- Usage of mobile communication as infrastructure for the dissemination of e-services.
- Increasing the transparency in decision making and budget spending by implementing e-services.
- Involving the citizens in all aspects of local and national public administration processes.
- Increasing the quality of life in all its aspects through better e-services and access to knowledge.
Two best practices examples illustrate the benefits that e-governance can provide. The first example is the e-health application designed by the Egyptian Government in order to provide free breast cancer screening to Egyptian women above the age of 45. The system is based on satellite connectivity so that the tests can be transmitted from remote units. This e-service helps with the early stage treatment of breast cancer in a non-discriminatory manner. The second best practice case comes from Nigeria, where the Government initiated an e-agriculture application to help the agricultural sector. The advantages are the provision of strategic information, as well as the promotion of new helpful ICT skills among Nigerian farmers.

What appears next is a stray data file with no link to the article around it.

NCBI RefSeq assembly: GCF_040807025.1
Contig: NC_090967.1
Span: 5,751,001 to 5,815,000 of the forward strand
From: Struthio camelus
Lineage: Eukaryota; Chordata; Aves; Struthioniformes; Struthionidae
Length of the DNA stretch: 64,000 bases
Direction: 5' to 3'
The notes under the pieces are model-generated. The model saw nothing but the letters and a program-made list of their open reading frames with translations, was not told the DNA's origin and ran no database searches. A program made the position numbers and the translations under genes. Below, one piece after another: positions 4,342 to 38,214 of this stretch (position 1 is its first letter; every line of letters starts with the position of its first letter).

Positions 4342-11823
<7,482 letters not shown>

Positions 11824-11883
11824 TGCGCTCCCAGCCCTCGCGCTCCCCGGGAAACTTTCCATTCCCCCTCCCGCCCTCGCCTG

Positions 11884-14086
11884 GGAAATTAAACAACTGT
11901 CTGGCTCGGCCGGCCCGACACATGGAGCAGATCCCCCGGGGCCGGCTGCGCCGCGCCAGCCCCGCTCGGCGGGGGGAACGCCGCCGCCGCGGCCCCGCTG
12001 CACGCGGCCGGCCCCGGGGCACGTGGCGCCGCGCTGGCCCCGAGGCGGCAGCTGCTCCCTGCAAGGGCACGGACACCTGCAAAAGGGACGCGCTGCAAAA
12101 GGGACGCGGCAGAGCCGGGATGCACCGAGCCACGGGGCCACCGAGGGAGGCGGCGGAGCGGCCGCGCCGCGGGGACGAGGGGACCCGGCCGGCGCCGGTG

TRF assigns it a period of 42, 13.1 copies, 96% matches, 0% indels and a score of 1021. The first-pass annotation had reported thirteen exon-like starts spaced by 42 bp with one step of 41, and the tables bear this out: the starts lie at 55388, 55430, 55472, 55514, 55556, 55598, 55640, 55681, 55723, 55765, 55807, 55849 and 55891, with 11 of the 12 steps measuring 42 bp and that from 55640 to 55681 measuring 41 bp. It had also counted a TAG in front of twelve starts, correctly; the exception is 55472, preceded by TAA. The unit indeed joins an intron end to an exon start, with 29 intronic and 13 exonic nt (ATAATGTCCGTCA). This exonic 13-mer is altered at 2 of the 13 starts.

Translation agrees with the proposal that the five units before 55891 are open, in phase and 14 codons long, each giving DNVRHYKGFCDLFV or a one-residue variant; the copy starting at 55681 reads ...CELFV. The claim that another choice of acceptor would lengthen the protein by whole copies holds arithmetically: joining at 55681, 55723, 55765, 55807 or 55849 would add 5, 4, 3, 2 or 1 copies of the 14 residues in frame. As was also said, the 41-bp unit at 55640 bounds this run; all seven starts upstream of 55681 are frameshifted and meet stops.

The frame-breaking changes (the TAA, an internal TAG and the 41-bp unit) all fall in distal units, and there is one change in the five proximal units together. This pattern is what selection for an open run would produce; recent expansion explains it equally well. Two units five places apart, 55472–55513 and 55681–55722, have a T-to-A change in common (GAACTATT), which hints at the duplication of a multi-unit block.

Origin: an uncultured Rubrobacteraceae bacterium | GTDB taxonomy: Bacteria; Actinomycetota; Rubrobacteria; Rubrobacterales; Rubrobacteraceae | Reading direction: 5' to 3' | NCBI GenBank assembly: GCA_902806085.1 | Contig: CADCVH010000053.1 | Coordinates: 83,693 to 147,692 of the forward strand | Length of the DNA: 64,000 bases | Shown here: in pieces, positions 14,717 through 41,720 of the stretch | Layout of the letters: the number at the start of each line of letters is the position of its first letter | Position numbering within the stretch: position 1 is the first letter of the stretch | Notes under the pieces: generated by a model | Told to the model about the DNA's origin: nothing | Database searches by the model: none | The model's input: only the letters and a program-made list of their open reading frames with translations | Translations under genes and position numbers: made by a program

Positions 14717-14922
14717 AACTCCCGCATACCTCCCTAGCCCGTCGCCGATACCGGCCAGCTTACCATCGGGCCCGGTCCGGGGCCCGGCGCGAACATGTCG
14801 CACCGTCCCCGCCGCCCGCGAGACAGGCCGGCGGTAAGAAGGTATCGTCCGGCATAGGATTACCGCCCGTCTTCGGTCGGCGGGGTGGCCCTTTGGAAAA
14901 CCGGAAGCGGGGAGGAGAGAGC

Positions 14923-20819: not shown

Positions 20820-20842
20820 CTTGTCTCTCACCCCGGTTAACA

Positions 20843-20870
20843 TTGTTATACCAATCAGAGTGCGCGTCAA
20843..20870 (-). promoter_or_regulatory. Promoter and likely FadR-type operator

As demonstrated in a recent survey conducted in Europe by the United Nations Subgroup C7 e-Government for Sustainable Development and the Institute for Management and Sustainable Development, quality of life is directly correlated with the level of e-government services and ICT related opportunities. The respondents identified the resistance to change as the main obstacle in implementing e-services and indicated that individual coherent strategy and public policy in the e-government field should be aligned to international standards. Again, this demonstrates the important role of e-governance in bridging the digital divide and developing a citizen-oriented, equitable digital society.
In order to gain a sustainable society, Governments and other concerned stakeholders should concentrate on ensuring equal opportunities for the young and future generations. ICT is a vital component of that future, and bridging the digital divide should become a world priority. The provision of suitable e-services and the promotion of digital literacy should become a security matter and a top priority for Governments, in order to ensure their country or region a place in the future knowledge based society.
1 WSIS was in two phases: Geneva in December 2003 and Tunis in November 2005.
2 The term “broadband” is used to describe high data rate connection to the Internet that provides speeds significantly faster than dial-up connections.